In 1968 Yamaha launched their ground breaking DT-1. A Japanese company had finally invested in developing a reliable, well mannered and economical off-road machine. Until that point the only competition had mostly been big and heavy British bikes. The only alternatives came from Greeves, Montesa and Husqvarna, but they were all hideously expensive. The DT1 was a winner out of the blocks and it was only a matter of time before another Japanese factory released something to compete with it.
Suzuki presumably acquired a few Yams and investigated what made them tick because their take on the theme went on to be equally successful if not more so.
It’s sometimes said that first to market does all the hard work while second to market picks up a lot of the profits and it’s doubtful Suzuki’s bean counters could ever have complained about the return of profits they received from Yamaha’s initial flash of inspiration.
The styling of a motorcycle is very much a personal thing but only the most churlish of Japanese enthusiasts would suggest the early TS250s are anything other than inspired.
Although overtly dirt bikes, the aesthetics were carefully orchestrated to mirror the company’s road going machinery. Quite possibly it’s not fair to highlight specific models within the range but the 1970-1974 examples are some of the best eye candy to ever leave Japan.
Later machines undoubtedly have a more off-road look about them and there’s an intimation of the company’s successful PE series. The handling may not have been quite as refined as the contemporary Yamahas but there’s little to choose between them in day-to-day use. Some may argue the TS250 was a bit more agricultural but this facet of its character meant it wasn’t likely to grenade if given abuse. In point of fact the TS250 motor was used in fair numbers by the Vic Camp race school in the 1970s. If the motor can take this level of ill treatment it speaks volumes of its design and build qualities.
It would have been easy for Suzuki to have rested on their laurels and just taken the cash but to their credit the bike was consistently upgraded year-on-year to keep it abreast of fashion and the competition. By Japanese standards the 12-year model run was a fitting tribute to the original design. Many were used as hacks and later became field bikes. It’d be heresy to use one for that now.
Timeline: 1969 TS250
The first and probably rarest. Silver side panel on LHS, banana exhaust on RHS with a four fluted chrome heat guard. Chrome guards front and rear; mid-green tank sports period golden wings emblem and Suzuki Gothic ‘S’ logo
Same 18.5bhp motor. Tank now Chrome orange or Pholina Yellow with same winged S but Suzuki name also added on black decal. The rear mudguard, rear light, speedo and tachometer, exhaust and heat shield are all subtly modified. Seat cover uses diamond shaped stitching.
Motor’s power raised to 22/23bhp, previous points ignition replaced by PEI pointless ignition system. Wheelbase extended, chrome guards replaced with painted units matching tank, which runs a broad white decal to lower third. Metal winged badge dropper. Rear shocks gain small chrome top shroud. Smooth seat cover.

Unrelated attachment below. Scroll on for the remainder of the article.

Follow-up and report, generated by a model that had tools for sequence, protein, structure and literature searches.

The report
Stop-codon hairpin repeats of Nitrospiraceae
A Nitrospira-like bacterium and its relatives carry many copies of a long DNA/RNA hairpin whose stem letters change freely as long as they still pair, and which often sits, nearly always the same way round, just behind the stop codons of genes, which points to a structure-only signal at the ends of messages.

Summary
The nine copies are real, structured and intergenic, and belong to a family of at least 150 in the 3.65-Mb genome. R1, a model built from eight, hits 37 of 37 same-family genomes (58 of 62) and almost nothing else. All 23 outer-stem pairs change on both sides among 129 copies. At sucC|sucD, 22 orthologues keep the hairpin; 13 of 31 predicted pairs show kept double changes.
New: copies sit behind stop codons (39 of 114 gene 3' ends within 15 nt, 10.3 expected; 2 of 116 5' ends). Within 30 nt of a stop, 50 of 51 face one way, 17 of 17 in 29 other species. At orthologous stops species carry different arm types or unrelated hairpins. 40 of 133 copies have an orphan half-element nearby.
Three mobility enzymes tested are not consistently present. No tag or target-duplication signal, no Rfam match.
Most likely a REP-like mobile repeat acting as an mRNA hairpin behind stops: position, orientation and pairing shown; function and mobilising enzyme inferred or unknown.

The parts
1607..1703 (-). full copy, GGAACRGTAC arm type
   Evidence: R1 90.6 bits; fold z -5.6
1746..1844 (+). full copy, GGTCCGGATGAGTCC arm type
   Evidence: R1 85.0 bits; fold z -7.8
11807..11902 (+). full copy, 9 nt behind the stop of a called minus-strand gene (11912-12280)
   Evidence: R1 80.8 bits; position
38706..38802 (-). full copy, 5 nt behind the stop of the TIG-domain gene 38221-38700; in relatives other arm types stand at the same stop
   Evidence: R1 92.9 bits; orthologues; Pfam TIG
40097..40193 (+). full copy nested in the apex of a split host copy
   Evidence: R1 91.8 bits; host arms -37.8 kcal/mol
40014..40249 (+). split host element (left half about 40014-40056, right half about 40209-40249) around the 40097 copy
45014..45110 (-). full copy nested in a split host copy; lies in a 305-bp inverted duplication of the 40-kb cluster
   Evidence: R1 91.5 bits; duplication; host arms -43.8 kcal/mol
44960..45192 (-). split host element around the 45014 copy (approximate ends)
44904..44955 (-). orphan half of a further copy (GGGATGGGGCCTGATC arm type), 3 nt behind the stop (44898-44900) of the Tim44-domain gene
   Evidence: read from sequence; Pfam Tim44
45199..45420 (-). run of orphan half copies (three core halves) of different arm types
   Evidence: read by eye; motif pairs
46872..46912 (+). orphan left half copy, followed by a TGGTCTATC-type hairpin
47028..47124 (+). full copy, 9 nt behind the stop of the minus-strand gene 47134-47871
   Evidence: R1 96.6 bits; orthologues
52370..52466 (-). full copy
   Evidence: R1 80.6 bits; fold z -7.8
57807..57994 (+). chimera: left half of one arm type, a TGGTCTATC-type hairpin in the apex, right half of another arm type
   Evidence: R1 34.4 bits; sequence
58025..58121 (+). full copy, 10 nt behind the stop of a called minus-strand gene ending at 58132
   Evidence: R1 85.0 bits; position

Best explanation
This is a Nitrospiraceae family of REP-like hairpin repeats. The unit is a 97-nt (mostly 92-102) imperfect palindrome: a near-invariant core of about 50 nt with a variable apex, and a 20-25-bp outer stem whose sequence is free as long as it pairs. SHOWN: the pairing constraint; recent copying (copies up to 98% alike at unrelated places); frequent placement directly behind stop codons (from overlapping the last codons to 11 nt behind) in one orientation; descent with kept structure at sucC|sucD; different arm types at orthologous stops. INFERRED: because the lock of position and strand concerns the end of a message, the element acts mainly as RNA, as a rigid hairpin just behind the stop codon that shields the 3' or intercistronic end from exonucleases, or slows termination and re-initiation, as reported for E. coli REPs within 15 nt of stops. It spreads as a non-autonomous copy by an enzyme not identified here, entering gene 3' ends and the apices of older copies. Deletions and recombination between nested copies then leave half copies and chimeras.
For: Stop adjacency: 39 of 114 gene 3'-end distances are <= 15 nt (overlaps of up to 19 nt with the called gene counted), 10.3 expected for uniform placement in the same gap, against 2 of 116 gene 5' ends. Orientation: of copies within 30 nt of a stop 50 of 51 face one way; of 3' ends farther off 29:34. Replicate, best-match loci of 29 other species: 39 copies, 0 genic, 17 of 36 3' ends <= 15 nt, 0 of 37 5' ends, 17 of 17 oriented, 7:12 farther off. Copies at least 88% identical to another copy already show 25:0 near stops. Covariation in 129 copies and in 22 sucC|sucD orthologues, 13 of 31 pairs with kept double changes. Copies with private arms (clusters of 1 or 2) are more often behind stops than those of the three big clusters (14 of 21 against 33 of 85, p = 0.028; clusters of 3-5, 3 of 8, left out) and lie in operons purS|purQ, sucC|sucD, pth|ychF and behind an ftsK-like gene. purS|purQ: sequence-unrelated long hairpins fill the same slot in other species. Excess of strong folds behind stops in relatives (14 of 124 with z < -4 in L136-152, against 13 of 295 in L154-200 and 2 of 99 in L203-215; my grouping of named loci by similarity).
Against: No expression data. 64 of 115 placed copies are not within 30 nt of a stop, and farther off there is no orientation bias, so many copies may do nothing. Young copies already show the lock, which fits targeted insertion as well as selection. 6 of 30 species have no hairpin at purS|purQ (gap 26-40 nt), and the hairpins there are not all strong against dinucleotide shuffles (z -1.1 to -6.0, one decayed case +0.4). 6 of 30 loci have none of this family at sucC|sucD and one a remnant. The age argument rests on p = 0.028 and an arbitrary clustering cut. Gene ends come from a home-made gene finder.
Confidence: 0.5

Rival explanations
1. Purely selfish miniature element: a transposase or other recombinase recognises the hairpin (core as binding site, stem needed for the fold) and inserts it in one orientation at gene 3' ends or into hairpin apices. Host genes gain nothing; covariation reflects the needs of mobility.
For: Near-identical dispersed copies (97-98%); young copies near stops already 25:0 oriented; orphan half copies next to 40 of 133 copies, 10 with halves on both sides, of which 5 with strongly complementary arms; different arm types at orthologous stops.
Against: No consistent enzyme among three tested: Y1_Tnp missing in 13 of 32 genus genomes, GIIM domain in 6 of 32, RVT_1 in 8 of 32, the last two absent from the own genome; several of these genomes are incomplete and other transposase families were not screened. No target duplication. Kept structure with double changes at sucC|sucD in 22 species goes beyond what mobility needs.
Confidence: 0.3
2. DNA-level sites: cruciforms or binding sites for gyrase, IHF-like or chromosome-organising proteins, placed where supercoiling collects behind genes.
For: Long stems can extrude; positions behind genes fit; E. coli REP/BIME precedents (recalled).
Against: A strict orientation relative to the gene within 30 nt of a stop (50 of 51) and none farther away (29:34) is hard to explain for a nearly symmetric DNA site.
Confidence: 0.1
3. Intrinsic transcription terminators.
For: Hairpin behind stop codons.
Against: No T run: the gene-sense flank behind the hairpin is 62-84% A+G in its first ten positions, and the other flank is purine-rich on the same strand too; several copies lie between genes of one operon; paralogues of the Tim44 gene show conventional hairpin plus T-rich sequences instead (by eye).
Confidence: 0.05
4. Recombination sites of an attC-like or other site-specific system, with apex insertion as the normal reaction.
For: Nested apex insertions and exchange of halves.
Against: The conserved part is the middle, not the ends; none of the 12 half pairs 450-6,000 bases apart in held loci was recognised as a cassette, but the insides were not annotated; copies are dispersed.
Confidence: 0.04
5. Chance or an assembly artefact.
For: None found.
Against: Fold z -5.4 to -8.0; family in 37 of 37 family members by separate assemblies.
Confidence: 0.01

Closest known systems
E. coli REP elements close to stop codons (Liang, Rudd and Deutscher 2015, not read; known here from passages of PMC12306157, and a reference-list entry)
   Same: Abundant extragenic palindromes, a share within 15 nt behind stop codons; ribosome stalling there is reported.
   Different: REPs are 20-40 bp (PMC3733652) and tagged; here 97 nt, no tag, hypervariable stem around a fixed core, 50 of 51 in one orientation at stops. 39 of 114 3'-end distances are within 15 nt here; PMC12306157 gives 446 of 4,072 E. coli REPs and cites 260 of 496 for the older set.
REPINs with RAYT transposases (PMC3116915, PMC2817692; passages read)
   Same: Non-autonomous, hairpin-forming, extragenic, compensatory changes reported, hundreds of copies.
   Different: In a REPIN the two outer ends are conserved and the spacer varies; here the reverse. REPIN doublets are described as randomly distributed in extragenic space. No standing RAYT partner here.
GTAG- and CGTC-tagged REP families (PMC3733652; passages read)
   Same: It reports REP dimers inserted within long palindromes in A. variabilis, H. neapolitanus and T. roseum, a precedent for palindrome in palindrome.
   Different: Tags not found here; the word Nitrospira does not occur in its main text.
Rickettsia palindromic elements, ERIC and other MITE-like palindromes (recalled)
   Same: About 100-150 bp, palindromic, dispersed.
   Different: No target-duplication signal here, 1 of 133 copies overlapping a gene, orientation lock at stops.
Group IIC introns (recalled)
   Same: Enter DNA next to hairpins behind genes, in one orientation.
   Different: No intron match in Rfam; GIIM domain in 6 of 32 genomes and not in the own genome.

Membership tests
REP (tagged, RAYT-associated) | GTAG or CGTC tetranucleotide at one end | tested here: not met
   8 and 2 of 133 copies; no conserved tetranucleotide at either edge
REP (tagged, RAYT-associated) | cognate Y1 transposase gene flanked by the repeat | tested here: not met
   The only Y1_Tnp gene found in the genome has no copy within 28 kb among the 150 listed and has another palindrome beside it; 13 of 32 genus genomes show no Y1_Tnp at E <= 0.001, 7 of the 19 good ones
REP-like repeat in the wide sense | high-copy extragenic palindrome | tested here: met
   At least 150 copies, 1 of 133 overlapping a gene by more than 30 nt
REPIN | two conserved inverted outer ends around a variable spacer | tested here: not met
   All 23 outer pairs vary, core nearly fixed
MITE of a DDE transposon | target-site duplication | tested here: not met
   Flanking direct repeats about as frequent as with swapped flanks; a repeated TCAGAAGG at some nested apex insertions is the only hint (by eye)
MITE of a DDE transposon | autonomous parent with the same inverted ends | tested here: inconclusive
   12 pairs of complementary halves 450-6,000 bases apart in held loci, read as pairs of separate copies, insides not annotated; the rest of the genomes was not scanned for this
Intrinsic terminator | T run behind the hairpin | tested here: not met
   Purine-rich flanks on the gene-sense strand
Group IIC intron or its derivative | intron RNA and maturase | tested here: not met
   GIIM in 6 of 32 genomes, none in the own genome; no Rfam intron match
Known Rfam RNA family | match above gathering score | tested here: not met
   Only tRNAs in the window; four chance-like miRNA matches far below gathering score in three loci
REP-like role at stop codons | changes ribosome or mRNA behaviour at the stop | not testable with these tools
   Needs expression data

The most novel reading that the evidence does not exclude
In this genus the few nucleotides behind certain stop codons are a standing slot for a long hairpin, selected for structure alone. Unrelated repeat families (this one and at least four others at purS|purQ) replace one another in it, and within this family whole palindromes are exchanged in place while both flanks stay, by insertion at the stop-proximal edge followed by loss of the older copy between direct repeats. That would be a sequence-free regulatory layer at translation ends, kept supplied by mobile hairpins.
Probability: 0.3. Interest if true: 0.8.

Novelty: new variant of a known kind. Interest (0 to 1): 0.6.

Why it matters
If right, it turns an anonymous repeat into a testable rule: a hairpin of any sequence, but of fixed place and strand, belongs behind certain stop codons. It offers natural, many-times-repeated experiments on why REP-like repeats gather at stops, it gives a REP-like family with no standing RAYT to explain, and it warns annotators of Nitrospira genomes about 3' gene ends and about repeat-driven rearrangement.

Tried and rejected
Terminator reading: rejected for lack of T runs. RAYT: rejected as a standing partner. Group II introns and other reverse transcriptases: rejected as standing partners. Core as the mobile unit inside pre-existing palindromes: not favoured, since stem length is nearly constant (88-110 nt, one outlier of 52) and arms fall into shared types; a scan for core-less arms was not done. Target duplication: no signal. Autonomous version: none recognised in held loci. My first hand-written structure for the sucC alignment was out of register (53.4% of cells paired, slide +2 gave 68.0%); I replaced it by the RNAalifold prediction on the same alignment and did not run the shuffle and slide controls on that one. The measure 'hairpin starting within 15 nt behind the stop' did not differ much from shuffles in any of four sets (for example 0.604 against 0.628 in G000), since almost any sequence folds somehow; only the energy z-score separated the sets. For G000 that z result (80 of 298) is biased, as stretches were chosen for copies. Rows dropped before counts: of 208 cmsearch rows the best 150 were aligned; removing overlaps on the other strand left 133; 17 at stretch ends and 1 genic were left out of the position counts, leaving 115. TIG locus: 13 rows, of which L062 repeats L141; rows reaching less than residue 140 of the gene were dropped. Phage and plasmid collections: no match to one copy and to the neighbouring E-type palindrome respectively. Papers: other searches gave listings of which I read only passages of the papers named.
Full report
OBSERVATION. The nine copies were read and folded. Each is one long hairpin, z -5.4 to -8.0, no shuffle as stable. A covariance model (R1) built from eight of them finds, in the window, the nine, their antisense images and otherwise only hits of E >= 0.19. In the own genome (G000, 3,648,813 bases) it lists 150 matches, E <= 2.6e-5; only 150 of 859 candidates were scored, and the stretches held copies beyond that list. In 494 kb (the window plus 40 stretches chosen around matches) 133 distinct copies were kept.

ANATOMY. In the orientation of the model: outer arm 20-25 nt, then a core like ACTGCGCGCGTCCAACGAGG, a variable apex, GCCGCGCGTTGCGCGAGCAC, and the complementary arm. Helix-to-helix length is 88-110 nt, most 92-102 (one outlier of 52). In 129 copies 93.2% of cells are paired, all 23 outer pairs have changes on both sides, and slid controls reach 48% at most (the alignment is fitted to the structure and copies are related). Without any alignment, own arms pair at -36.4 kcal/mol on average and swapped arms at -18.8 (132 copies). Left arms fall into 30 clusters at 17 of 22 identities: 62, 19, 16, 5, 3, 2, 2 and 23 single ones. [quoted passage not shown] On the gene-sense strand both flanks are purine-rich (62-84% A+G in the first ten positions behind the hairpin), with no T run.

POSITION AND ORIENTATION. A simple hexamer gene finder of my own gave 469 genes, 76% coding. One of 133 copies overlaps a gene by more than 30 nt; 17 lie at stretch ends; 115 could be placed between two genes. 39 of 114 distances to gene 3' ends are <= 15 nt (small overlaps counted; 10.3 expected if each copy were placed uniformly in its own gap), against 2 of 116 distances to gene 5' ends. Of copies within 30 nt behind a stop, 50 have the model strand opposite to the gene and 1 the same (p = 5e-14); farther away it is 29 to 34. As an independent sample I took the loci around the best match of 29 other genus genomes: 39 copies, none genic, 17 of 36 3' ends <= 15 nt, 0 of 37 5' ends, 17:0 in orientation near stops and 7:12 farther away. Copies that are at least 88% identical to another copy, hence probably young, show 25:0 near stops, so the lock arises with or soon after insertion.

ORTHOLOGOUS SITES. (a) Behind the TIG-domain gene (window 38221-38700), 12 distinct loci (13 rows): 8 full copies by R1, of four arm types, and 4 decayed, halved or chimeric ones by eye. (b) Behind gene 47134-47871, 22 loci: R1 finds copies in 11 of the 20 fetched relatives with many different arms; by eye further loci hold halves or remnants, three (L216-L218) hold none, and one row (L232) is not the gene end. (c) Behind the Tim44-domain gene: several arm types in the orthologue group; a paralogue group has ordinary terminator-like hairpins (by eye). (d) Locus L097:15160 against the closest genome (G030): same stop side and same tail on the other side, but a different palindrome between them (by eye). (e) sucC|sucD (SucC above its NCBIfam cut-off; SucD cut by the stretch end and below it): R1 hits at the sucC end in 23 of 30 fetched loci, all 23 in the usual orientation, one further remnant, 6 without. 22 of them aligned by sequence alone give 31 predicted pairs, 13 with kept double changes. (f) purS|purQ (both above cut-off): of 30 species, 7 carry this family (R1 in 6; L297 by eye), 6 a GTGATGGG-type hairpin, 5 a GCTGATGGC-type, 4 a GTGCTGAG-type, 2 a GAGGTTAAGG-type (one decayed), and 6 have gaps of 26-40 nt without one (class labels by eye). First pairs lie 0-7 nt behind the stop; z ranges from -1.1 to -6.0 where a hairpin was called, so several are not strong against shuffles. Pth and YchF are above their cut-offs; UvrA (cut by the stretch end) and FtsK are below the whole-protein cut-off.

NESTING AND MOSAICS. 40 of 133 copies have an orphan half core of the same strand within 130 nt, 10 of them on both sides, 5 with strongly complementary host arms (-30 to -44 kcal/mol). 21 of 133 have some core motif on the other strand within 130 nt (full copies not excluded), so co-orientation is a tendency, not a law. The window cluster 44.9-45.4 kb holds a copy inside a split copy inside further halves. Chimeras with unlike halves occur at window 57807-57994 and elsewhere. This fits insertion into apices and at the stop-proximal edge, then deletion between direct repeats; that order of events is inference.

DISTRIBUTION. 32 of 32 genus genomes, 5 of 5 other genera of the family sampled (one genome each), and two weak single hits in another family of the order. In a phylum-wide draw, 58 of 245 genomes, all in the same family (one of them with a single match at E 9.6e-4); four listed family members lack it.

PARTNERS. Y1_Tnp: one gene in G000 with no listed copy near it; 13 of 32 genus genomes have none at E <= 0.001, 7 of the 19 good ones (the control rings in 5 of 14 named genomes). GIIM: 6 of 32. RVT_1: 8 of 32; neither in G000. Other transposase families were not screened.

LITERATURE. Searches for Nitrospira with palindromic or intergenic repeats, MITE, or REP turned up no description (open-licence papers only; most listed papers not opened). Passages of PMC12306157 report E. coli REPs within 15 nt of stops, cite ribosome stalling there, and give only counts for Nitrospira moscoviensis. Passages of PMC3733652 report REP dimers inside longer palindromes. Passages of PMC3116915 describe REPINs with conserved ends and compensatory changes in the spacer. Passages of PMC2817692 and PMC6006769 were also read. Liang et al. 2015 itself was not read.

Little change other than graphics, which use a broad three line decal to lower third of the tank with a forward facing right angled arrow flowing to the top of the tank. Colours: Strip Orange or Daytona Blue
Rear light changes for some markets. Chrome heat guard on silencer now a metal pressing with six elliptical holes and 250 emblem. Carb increase in size 28mm; VM28SH. Graphics change to orange band running across the tank near seat nose and end at front edge. Colours Pine Green, Sunset Orange and White.
Colour scheme and graphics change. Colours: Marble Red with blue and white graphics.
A very popular and common bike in the UK. Silver tank with dramatic blue slash-style decals
Major styling revisions with white front mudguard contrasting against Laredo red tank. Silencer heat guard restyled with six rectangular holes. Engine painted satin black and wheels change from steel to aluminium. Last year of single down tube frame.
Double front tubes adopted. Reed valve replaces older piston ported engine design. Exhaust restyled, spark arrestor added and heat shield is 50/50 chrome and tank colour. Heavily angled gas/oil rear shocks fitted. Conical front hubs used. Other than makers name no decals to tank in solid red, yellow or green.
Revised graphics, single throttle cable, plastic rear guard painted to match tank; Pholina yellow, scarlet medium red or blue
1979 TS250ER N
Heavily revised panel work largely in plastic based around RM/PE series, side panels having racing number ovals, black seat with ER logo. Clocks square in profile, head lamp fitted with enduro type shroud that clips to forks, swing arm now box section Pholina yellow, egret white or marble pure red.
1980 TS250T, TS250X
Heavily revised panel work largely in plastic. Clocks now square in profile, headlamp fitted with enduro type shroud, swing arm now box section. Monoshock rather than twin-shock suspension.